A Visit From Northern New South Wales

   
We recently hosted the visit of a leadership team from a school in Coffs Harbour. The visitors had travelled to Sydney to learn specifically about technology integration occurring at a couple of schools in Sydney.

The visitors were treated to a smorgasbord of technology integration. They enjoyed opportunities to interact with the children and they were provided with opportunities to connect with teachers. 
As I journeyed around the school, facilitating the visit, I was privileged to witness  some great learning in action. This is possibly the best part of my job – seeing the engagement of our students and the innovative ways in which technology has permeated our learning programs. We are happy to open our doors and to share what has worked for us and make valuable connections with other educators too. 

Below is the plan for the visit which provides a snapshot of the experience.

Visit Plan:

1:00pm – Principal, ICT Coordinator  – Meet / Greet – looking at the Vision, challenges and imperitives

1:30pm –  Year 3 class teacher (ADE) sharing his experiences blending, flipping and helping to drive STEM initiatives

1:50 –  Librarian – eBooks, QR Codes and Aurasma 

2:00 – Year 4 Maths in action creating interactive games using Futaba

2:10 – Year 3 Maths in action, differentiated leaning in a blended classroom using Stile

2:20 –  Music Year 5, GarageBand in action – creating music inspired by Star Wars

2:30 – Year 1 HSIE, Wet and Dry Environments using Pic Collage

Year 1 HSIE, Wet and Dry Environments using Popplet

2:40 – Year 4 Student Share Time – looking at student work samples and teacher experience – including CBL and 3D Printing

2:55 – Year 5 Student Share Time – looking at student work samples and teacher experience – including Book Creator Science Journals, Stop Motion, Keynote, iMovie, Minecraft

  

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Stepping Out With Robotics and Coding

  

We have used our regular community fundraiser to enable the further integration of technology in classrooms. As I have indicated we are committed to bringing 3D printing, Minecraft, robotics, coding etc. into our learning programs purposefully. We are keen to move away from these being extra curricular and more a natural part of what children can chose to do. 

And isn’t that a great thing! I wish I’d had such possibilities in my own education. I can still remember Sunday nights and having a sinking feeling in anticipation of the week of school ahead. I hope our children wake on Monday morning delighted and leave on Friday sorry that the weekend is getting in the way. We have certainly.observed heightened engagement and focus courtesy of our 1:1 iPad program. This is more than wishful thinking. We often have visiting educators who comment on the engagement of our students. Certainly our surveys of students, teachers and parents have also reflected this. From my perspective I see it on a daily basis and student engagement is truly tangible and importantly there is a sense of purpose in the activity. This of course hasn’t occurred without the considerable commitment of our teaching staff. Here too we have focussed on real integration and it has delivered a natural feeling where the technology just fits comfortably. This is what we hope to achieve with the additional technological integration.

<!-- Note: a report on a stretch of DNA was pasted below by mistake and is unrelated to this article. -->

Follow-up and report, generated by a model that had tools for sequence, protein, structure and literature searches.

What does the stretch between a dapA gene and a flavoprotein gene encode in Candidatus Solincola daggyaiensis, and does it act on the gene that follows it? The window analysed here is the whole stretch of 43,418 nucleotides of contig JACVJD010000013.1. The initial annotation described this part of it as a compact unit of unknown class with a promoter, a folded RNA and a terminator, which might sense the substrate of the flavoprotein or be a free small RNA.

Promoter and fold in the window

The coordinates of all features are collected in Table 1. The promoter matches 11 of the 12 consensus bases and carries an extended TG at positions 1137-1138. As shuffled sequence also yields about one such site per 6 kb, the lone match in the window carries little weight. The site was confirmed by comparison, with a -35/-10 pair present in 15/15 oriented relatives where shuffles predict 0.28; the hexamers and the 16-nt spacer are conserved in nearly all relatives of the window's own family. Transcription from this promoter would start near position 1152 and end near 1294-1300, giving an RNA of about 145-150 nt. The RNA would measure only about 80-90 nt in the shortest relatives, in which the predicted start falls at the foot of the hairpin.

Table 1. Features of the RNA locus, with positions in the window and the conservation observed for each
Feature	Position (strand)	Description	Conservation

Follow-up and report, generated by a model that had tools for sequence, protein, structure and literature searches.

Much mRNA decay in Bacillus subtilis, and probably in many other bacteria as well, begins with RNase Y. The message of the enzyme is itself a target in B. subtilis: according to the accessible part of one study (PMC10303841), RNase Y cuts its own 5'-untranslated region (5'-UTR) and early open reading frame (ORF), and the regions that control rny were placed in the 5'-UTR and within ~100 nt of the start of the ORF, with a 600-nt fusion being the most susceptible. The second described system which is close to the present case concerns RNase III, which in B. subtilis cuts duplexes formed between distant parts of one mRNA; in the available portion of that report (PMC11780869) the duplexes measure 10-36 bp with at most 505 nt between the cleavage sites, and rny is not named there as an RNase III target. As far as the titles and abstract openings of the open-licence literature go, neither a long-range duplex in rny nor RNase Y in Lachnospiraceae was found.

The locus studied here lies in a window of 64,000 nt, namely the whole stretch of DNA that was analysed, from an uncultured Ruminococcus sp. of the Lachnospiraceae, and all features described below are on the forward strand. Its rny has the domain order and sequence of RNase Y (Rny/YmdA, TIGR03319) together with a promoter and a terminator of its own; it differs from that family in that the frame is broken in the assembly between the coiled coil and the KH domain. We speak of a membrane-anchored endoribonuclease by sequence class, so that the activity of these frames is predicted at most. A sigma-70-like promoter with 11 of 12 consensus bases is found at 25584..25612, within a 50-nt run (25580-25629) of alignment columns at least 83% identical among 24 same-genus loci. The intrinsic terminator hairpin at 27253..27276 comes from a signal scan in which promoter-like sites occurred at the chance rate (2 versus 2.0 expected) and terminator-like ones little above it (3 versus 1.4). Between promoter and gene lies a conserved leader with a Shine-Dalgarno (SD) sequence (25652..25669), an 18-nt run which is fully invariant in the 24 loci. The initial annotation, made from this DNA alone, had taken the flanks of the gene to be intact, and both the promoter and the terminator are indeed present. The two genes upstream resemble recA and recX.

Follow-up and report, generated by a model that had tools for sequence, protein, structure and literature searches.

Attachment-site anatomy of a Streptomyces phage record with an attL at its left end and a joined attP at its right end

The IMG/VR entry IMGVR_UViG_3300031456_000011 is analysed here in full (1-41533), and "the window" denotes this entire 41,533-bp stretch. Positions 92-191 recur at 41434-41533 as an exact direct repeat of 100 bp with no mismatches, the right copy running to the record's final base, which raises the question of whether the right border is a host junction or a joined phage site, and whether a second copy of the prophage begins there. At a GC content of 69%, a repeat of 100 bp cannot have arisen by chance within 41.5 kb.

We have just invested in a very comprehensive bundle of EV3 Lego Robotics. The bundle includes software, sensors, a huge range of blocks / resources enough to build a dozen robots. These will be added to our existing Mindstrorms resources which have existed in the background for several years. We have also bring into play a set of Blue Bots (just a note of warning  iPad 2s are unable to connect via Bluetooth to the Blue Bots) for use with the younger children and ten small drones. All of these will provide great tangible, interactive devices for our coding initiative. We will use apps like Tickle to assist with block coding of drones. We are also looking at a range of coding applications. One stand out amongst these is Scratch https://scratch.mit.edu. Scratch is a powerful block coding application which was developed by MIT and is recognised as a powerful coding tool for children. This isn’t a new application and it has been used from time to time in co curricular activities. There are also a great series of coding resources available via https://code.org/. Additionally apps such as Scratch Junior, Hopscotch and  Pyonkee etc. may all be employed. 

A number of teachers have had opportunities to attend training and development days in support of our program to integrate coding / robotics. Initially we will focus on block coding as a standard capability across the school. Here I must add that some teachers are already actively employing applications such as Minecraft and 3D printing as possibilities in their learning programs. Coding and robotics are also appearing and are being actively planned for. As planned we will run some open ended experiences using robotics and coding for the children. Here we hope to start to upskill both teachers and students in the more relaxed atmosphere of our end of year alternative education week. 

We have three essential ingredients which will drive change 

  • students who are inquisitive, intuitive and motivated
  • teachers who are innovative and prepared to take risks
  • leadership which is visionary, supportive and enabling

 
Above: Groups at work sorting EV3 kits and building base model robots.

Below: experimenting with drone programming using Tickle – fly a square.